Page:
(GM) Legend will never change. The reason we are successful is due to the fact that our archive is rich in the style of fighting that is traditional: sanbon or shobu Ippon. I believe that if the WKF type of karate gains more popularity, it will be at the expense of traditional karate standards. It wont be the death of good Shotokan; there are still a lot of top class associations out there, but they will sadly become the minority. This point came up recently when we were in a meeting with Harry Cook. As you know Shaun we’re working on a documentary about Harry Cook and he’s really switched on and very aware of the influences of WKF style of competition. His view is that if you want to do sport karate, WKF is fine. If you want to do Budo – then you’re a real traditional. Harry believes there’s room for both, I’m not so sure – but then again, I am not going to argue with Harry Cook!
(SB) You are now a part of JSKA GB, can you please tell us a little about the set up of this organisation, and what drew you to this organization?
(GM) Charley Gidley and I have know each other and been friends for some 40 years, we both started in Shotokan around the same time, although Charley had been doing Wado for some time before that. He and George Carruthers invited me to join them, and as I had all but stopped teaching professionally, and no longer had my own dojo, I said, “Yes, thank you.”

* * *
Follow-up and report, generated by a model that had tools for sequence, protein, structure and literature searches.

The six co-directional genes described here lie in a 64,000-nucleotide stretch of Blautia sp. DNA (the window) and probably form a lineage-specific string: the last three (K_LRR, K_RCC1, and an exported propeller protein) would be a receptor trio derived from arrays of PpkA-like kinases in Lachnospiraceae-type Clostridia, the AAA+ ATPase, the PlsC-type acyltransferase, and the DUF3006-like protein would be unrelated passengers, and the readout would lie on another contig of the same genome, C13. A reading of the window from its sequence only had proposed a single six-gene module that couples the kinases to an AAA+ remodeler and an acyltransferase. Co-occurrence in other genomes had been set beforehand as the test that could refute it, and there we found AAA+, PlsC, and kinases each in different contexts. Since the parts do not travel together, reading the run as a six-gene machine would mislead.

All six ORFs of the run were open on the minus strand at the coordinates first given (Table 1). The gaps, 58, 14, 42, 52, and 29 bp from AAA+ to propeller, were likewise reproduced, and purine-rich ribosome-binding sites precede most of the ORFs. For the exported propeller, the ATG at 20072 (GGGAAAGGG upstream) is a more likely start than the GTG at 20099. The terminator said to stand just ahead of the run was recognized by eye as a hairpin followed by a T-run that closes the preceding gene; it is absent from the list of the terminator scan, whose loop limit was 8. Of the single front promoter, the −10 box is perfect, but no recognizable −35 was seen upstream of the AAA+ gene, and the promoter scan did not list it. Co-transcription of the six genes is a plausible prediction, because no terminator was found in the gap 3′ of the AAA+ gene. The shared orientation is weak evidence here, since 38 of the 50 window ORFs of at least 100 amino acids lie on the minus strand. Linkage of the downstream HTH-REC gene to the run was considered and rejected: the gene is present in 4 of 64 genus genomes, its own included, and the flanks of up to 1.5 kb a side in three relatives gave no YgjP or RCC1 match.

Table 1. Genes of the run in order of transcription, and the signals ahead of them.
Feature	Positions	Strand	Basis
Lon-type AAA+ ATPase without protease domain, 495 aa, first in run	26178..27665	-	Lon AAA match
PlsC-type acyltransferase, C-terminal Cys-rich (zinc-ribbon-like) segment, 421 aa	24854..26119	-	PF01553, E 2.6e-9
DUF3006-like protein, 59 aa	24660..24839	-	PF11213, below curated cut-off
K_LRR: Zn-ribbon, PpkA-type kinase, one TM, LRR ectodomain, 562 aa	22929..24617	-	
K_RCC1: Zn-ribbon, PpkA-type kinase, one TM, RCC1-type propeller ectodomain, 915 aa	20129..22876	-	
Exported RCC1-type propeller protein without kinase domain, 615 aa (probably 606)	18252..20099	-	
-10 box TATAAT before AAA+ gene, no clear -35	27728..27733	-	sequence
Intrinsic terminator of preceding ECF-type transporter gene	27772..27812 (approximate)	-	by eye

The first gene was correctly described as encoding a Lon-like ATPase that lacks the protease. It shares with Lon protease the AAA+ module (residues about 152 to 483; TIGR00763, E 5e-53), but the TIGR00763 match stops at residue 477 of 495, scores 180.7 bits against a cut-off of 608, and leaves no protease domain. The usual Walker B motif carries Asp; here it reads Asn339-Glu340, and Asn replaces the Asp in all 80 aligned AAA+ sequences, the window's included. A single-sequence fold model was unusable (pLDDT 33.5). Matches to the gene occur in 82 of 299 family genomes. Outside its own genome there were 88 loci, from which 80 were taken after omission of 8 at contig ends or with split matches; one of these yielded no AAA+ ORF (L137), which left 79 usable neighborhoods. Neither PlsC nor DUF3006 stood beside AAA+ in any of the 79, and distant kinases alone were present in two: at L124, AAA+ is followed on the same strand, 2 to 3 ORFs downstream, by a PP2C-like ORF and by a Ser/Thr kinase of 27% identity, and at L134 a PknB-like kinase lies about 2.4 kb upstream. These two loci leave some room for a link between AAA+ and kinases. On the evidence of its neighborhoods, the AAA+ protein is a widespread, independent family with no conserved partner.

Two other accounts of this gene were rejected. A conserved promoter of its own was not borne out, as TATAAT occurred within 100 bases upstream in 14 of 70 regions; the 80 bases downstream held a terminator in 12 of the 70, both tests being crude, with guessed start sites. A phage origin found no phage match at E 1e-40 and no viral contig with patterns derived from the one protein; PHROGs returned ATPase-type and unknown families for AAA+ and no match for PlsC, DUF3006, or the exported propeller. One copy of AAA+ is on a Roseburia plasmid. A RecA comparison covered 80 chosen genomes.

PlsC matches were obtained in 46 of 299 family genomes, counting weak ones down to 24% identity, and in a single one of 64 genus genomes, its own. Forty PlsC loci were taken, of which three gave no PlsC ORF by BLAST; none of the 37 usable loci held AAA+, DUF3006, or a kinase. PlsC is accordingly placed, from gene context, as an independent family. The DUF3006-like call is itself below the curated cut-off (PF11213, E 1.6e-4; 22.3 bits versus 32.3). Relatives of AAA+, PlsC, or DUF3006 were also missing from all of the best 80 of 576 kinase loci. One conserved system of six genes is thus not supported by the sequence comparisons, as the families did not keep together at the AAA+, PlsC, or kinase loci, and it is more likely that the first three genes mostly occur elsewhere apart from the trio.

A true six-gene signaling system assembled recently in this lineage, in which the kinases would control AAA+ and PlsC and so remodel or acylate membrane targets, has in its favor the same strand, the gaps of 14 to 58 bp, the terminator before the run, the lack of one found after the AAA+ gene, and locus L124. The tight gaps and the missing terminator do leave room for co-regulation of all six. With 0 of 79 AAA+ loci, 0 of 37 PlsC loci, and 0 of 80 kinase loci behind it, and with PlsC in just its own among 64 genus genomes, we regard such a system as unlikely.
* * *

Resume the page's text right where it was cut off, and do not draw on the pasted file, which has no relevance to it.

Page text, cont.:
(SB) How have Charles Gidley and George Carruthers influenced you and your karate?
(GM) O.. they both keep telling me my stances are too long and then they proceed to beat me up – that’s the influence they have on me…! (Laugh) But seriously, we’re all three of us too long in the teeth to start trying to alter each other’s way of doing things. We get together and train usually each Wednesday in Manchester, and then enjoy a meal (usually at George’s expense – and being as he’s Scottish, that makes it all the more enjoyable!!)
(SB) As far as your personal training goes, what are your own personal aspirations?
(GM) I still work out most mornings, either at home or at the local fitness centre. It’s mostly cardio vascular work and lots of stretching, followed by (if I’m at the fitness centre) 20 minutes in the hydro pool and then a bloody big breakfast! I still love to do kata; I enjoy it more and more as the years roll on. It’s invariably when I’m on my own that I enjoy it most: there’s something about kata that’s deeply personal, and some times, there’s a feeling of accomplishment that’s so special. The next time you do the same kata, there’s something missing and you keep on trying for it, but it’s simply not there all the time. I was talking to Harry Cook about this and he said that such moments are like ‘trying to grab smoke’ – you know it’s there, but you can’t just get hold of it. I’ll continue to train until I my Zimmer frame becomes too much of a handicap!
(SB) What’s your favorite kata and why?